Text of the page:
While the majority of countries around the world have established one specific city as the political capital, this is not the case in Bolivia. In this country, the 3 branches of government are divided between two cities: Sucre and La Paz. Sucre is the center for the judicial branch and La Paz is the seat of both the executive and legislative branches. The story behind this division in government has its roots in the Spanish colonial area. This article takes a closer look at the history behind these two capital cities.
History Of Bolivia's Two Capital Cities
At the time of its official recognition of Sucre as the capital, Bolivia was also investing in and developing its metal mining industry. Of particular significance were both silver and tin, which were found in heavy concentrations just west of Sucre, in the town of Polosí. The owners of these mines lived in both Sucre and La Paz. The majority of the silver mine owners were in Sucre, and the majority of the tin mine owners were in La Paz, which was located near other large tin mining operations. During these years, the tin industry was relatively new and quickly surpassed the silver mining industry in revenues.
As Bolivia was a newly independent nation, it experienced significant political unrest. By 1899, two powerful political parties had been formed: the Liberal Party and the Conservative Party. As it turned out, the mine owners were split between these two parties. The silver mine owners living in Sucre were members of the Conservative Party and the tin mine owners living in La Paz were members of the Liberal Party. The Liberal Party came to overpower the Conservatives in the War of 1899 and decided to relocate the seat of government to the city of La Paz.
Sucre was first established as a city under colonial rule in 1538. During this time, the South American continent was divided into viceroyalties, large areas administered by a viceroy. Around two decades later, King Philip II founded the Audiencia de Charcas (the Royal Audience of Charcas) in Sucre as part of the Viceroyalty of Peru. It remained part of this viceroyalty until 1776 when it became part of the Viceroyalty of the Río de la Plata. Bolivia won its independence in 1825 and in 1826, Sucre was named the provisional capital, and in 1839, it became the official capital.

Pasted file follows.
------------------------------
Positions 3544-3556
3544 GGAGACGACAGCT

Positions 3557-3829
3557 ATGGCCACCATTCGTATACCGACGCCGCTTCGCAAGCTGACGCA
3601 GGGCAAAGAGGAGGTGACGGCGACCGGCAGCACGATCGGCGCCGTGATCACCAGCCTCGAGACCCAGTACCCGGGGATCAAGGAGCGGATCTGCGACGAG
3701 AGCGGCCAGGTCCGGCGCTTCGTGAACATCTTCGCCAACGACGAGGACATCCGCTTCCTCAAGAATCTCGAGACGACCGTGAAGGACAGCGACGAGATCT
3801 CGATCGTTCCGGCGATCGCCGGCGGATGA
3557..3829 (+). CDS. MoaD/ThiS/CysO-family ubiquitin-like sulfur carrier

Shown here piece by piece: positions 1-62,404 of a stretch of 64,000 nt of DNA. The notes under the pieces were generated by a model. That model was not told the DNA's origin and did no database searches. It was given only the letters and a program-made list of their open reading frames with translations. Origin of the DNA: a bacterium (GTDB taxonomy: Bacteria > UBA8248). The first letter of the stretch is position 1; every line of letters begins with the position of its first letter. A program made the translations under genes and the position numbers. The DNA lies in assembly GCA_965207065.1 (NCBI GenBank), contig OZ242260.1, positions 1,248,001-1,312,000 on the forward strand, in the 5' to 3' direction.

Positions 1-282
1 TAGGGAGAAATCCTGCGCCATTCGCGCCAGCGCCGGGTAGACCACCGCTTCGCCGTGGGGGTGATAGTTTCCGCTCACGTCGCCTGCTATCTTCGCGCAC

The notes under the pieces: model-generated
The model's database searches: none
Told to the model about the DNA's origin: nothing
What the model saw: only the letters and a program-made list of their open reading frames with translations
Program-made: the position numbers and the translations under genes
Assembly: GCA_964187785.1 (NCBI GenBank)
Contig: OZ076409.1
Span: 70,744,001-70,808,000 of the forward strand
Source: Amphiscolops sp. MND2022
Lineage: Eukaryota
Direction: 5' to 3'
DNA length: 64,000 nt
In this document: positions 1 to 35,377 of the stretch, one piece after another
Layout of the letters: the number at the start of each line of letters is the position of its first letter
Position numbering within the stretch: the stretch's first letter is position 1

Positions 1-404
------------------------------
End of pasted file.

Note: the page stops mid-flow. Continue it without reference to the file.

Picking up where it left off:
Today, it is the only constitutionally recognized capital of Bolivia. However, the only branch of government administered from Sucre is the judicial branch. The Supreme Court of Bolivia is in this city.
La Paz was founded under Spanish rule in 1548; previously, it was an important Inca settlement. At this time, it was situated in the Viceroyalty of the Río de la Plata and was valued for its location along the trade route between Potosí and Lima (in what is present-day Peru). In 1781, indigenous groups led an uprising against the Spanish colonial powers here, destroying Catholic churches and government buildings. La Paz was also involved in the 1809 revolt that eventually led to the independence of Bolivia. As previously mentioned, La Paz became the new national seat of government in 1899, which marked the economic movement away from silver mining and toward tin mining. This industrial change affected the political and economic power within the country.
Today, the presidential palace (Palacio Quemado) is located here and serves as the seat of the executive branch of government. Additionally, the Plurinational Legislative Assembly is found in La Paz. This legislative body consists of the Chamber of Deputies and the Senate.
What Is The Capital Of Bolivia?
While the majority of countries around the world have established one specific city as the political capital, this is not the case in Bolivia. In this country, the 3 branches of government are divided between two cities: Sucre and La Paz. Sucre is the center for the judicial branch and La Paz is the seat of both the executive and legislative branches. The story behind this division in government has its roots in the Spanish colonial area
About the Author
Amber is a freelance writer, English as a foreign language teacher, and Spanish-English translator. She lives with her husband and 3 cats.
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